ON-Lion Letter

"Many American colleges and universities are in the thrall of 'diversity,' but none more so than my institution, the University of Wisconsin," begins a July article published by The John William Pope Center for Higher Education Policy in Raleigh, N.C., which is supported by Milwaukee's Lynde and Harry Bradley Foundation.  "This spring, the university adopted a new plan that, according to Board of Regents policy, '[p]laces the mission of diversity at the center of institutional life so that it becomes a core organizing principle.'

"That is, promoting diversity appears to be more important than teaching students," continues the article, by UW professor emeritus of economics W. Lee Hansen.

"This Framework for Diversity and Inclusive Excellence sailed through our Faculty Senate without the least bit of attention, much less the 'sifting and winnowing' on which it prides itself," he writes.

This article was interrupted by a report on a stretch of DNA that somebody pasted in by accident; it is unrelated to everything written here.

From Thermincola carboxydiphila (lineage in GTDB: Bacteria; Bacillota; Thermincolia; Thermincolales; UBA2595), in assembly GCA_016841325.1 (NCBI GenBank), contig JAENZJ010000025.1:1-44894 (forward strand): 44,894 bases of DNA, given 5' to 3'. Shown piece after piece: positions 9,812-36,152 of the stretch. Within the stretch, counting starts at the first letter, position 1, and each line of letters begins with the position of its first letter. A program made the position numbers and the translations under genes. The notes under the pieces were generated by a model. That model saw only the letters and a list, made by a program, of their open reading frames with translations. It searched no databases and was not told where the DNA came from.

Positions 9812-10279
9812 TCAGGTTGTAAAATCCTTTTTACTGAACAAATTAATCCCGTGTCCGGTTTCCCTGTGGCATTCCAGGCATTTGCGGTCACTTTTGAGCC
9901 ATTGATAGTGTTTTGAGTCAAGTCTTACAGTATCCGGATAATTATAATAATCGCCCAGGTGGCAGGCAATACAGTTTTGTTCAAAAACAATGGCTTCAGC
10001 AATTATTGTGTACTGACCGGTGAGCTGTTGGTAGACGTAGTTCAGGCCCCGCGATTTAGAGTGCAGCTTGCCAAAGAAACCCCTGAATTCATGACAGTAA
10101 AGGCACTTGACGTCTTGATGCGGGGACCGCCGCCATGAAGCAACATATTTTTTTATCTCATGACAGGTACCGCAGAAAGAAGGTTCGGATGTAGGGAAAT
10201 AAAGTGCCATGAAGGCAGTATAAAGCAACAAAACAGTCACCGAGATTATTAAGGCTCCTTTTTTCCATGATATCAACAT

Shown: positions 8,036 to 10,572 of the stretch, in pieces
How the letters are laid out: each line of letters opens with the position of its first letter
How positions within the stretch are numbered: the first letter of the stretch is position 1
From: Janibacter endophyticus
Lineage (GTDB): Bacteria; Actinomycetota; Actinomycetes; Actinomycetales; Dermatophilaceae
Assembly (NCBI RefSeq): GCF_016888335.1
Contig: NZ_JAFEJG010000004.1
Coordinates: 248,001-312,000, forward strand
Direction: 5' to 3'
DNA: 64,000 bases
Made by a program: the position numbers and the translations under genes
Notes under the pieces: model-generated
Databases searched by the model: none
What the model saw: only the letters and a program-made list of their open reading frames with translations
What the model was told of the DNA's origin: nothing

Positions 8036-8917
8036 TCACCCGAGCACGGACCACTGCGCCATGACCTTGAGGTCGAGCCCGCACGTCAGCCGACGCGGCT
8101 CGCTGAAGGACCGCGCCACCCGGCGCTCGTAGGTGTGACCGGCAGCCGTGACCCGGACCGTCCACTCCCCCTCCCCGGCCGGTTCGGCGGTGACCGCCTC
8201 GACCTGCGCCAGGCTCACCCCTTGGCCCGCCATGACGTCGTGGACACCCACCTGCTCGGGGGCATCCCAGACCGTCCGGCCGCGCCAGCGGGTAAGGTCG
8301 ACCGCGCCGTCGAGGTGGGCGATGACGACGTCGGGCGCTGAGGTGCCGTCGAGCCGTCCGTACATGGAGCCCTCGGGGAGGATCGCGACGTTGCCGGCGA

"Although much of the language is a thicket of clichés, no one dared challenge it," according to Hansen.  "Moreover, there was no probing of the ramifications of the plan.  Apparently, 'diversity' has become such a sacred cow that even tenured professors are afraid to question it in any way.

"The University of Wisconsin adopted its first diversity plan back in 1966 and every few years it launches a much-touted new one," he notes.  "During my 30-year teaching career at Madison, followed by more than a decade of retirement, I have seen not the slightest bit of evidence that the fixation on 'diversity' has made the campus better in any respect.

"I predict this new Inclusive Excellence plan will fail to produce its hoped-for utopian outcomes," he concludes.  "In a few years, the university will hear demands for yet another diversity plan. 

"Achieving 'diversity' is like sailing toward the horizon.

"You never get there."

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